Topanga resident Emeran Mayer was born in a small town in Bavaria where his family ran a confectionary business, established in 1873. Instead of entering the family business, Emran turned to a career in medicine. Today, he’s a leading authority in gut health and the relationship between the human gut microbiome and the immune system.
Emeran brings a unique perspective to his work. He went to medical school at Ludwig Maximilian University in Munich, completed his residency training at the Vancouver General Hospital in Vancouver, Canada, before moving to Los Angeles, where he worked under the late John H. Walsh to study the role of gut brain interactions, and with James Meyer on the role of stomach emptying at the prestigious Center for Ulcer Research and Education. He completed his specialty training in Gastroenterology at UCLA.
Along the way, Emeran has found time for mountaineering and documentary filmmaking, including stays with the Yanomamis in Venezuela, and among the Asmat and Dani people in Irian Jaya, Indonesia. He has also climbed some of the highest mountains in the US, South America, and Europe. In 2015, he was an associate producer in a documentary film about a new ecological view of health and disease, In the Balance. He’s also a student of the Buddhist philosophy of interconnectedness, balance and compassion, and has a deep interest in ancient and traditional healing practices.
He brings that extensive and diverse background to the study of the gut microbiome, and his newest book, The Gut Immune Connection, explores how the relationship between the human microbiome and mental health and wellbeing.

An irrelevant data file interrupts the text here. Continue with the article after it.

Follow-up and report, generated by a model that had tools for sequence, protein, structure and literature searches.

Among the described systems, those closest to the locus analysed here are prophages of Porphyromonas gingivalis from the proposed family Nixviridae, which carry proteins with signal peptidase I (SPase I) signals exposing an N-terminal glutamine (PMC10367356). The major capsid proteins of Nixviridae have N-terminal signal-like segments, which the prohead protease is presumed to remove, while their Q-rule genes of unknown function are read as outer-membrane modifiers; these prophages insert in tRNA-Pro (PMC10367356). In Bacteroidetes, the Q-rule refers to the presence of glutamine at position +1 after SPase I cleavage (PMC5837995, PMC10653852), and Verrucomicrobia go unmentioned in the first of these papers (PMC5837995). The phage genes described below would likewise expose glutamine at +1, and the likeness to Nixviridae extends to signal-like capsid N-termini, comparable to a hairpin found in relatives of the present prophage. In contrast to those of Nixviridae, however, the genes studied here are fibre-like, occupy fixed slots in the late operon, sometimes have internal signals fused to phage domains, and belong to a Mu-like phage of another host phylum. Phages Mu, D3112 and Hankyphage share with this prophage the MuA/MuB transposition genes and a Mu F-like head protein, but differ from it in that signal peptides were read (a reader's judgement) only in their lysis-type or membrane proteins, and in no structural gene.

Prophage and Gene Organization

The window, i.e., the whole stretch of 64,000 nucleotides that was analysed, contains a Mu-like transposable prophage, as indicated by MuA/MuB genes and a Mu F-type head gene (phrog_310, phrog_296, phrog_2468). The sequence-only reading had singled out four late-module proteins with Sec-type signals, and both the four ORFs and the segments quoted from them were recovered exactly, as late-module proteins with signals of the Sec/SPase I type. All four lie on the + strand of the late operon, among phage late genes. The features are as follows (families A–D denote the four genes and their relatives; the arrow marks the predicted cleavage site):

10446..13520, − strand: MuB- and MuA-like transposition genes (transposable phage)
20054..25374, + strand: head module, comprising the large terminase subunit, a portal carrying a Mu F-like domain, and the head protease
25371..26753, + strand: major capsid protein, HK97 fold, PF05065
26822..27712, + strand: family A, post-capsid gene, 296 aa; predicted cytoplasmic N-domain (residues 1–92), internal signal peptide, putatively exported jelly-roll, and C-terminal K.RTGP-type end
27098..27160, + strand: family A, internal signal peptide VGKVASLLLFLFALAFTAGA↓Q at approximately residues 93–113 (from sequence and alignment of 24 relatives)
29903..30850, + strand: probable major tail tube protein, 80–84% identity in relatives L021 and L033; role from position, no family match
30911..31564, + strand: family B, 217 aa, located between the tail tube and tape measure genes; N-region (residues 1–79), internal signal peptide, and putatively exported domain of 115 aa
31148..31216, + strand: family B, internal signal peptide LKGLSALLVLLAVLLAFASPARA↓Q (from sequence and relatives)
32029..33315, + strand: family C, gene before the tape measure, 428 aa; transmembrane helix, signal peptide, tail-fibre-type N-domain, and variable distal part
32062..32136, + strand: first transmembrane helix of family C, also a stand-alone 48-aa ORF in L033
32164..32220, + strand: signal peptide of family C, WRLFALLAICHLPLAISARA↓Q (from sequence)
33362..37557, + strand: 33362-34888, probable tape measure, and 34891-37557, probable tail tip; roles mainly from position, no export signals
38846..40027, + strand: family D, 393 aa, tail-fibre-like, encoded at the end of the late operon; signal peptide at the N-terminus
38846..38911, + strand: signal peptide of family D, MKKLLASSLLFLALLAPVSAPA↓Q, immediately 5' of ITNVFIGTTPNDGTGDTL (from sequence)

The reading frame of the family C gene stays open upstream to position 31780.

The book mixes granular research with anecdotes from cases Emeran has treated, it also offers practical advice and even a few recipes that highlight the kind of diet Emeran recommends for optimal gut health.
“The science is complicated but the recommendations are simple,” Emeran told the Topanga New Times.
His advice is familiar: diet, exercise and sleep, but this isn’t a health fad, it’s based on extensive research. Emeran advises his patients to eat a wide variety of fresh fruits and vegetables and other unprocessed foods, exercise regularly and get enough sleep.
Emeran says that most of Topanga neighbors are unusually health conscious and already embrace a healthy lifestyle, but that isn’t the case everywhere.
“The standard American diet lacks sufficient fiber and polyphenols,” he says. It’s a pro-inflammatory diet.”
Emeran is concerned not only with the human gut microbiome but also with soil health. “Just as the microbiome plays a key role in our health, the microbial ecosystems living in the soil and closely interacting with a plant’s root system play a central role in their health,” he writes.
In addition to eating a natural, unprocessed diet, Emeran advocates fasting between food cycles. He observes an eight hour window for eating, from noon to 8 p.m., and then 16 hours of fasting. “This kind of time restriction is beneficial,” he says “It’s flexible. You can make exceptions.”